How To Deduct An Ordinary Loss of Up to $100,000 on Qualified Small Business Corporate Stock Under Section 1244 of the Internal Revenue Code

Unfortunately, not all startup companies succeed, however when they fail, all is not lost.  In what may otherwise be considered a complete loss, there are some potential tax benefits available to certain original individual shareholders of corporations in this position.   

After selecting the type of entity to form, if a corporation is the most favorable, I recommend making an S election and issuing Section 1244 stock for this newly incorporated entity.  As long as certain requirements are met, the original investors can claim an ordinary loss of up to $100,000 if the venture is unsuccessful and the stock is ultimately sold for a loss.  

Under normal circumstances, when you invest in corporate stock, any resulting loss on its sale is treated as a capital loss where the loss can offset capital gains and then up to $3,000 of ordinary income per year with the excess capital losses carried forward.  

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Under Section 1244 of the Internal Revenue Code, an ordinary loss deduction for a loss on stock from a “qualified small business corporation” can offset ordinary income and any capital gains. You can deduct up to $100,000 of losses from Section 1244 stock in any one year if  married and file a joint return, or $50,000 if you file as single.  

To qualify under Section 1244, these five requirements must be adhered to:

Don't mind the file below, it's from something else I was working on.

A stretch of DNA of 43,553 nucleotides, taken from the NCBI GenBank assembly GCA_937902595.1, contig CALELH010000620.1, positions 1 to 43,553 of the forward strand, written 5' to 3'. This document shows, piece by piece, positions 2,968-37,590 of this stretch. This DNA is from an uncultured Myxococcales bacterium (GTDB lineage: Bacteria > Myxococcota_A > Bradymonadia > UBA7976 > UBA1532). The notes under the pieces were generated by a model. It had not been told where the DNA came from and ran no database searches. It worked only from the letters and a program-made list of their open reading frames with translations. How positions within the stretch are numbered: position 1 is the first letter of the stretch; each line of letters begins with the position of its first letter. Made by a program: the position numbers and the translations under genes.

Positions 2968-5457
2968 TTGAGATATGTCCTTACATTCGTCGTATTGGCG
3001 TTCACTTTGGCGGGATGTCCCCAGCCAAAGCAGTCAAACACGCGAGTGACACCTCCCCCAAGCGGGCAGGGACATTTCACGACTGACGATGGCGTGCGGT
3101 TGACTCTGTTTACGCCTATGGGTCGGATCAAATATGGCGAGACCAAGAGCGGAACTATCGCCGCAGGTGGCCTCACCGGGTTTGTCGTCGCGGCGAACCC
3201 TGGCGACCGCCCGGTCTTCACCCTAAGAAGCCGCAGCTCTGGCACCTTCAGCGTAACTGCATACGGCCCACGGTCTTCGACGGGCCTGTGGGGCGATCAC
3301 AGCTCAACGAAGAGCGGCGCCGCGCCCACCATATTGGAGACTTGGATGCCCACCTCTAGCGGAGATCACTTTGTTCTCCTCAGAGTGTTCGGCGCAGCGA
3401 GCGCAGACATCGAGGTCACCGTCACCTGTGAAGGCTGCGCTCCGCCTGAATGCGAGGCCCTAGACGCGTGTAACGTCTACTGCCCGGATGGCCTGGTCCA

1. The stock must be acquired in exchange for cash or property contributed to the corporation. Investors cannot receive shares as compensation for their services. However, cancellation of indebtedness may be sufficiently valid consideration.  

2. The corporation must issue the stock directly to the investors. They cannot acquire the stock from another shareholder, so gifts or inheritance of the shares will not qualify.  

3. The corporation must be an actual, operating company. During the past five years, it must have received less than 50% of its gross receipts from rents, royalties, dividends and other investment income. If the corporation is less than five years old, this test applies to the years it existed.  

4. The stock must be issued by a “small business corporation” defined as a corporation with invested capital of $1,000,000 or less. It can be an S corporation or a C corporation.  

5. The entity must be a domestic corporation.  

Under the current 2020 tax tables, a long-term capital gain that results from the sale of this Section 1244 stock will be taxed at the regular preferential rate of 15% for most individuals or 20% for high-income individuals with taxable income over $441,450. The 3.8% Net Investment Income Tax (NIIT) may also be due.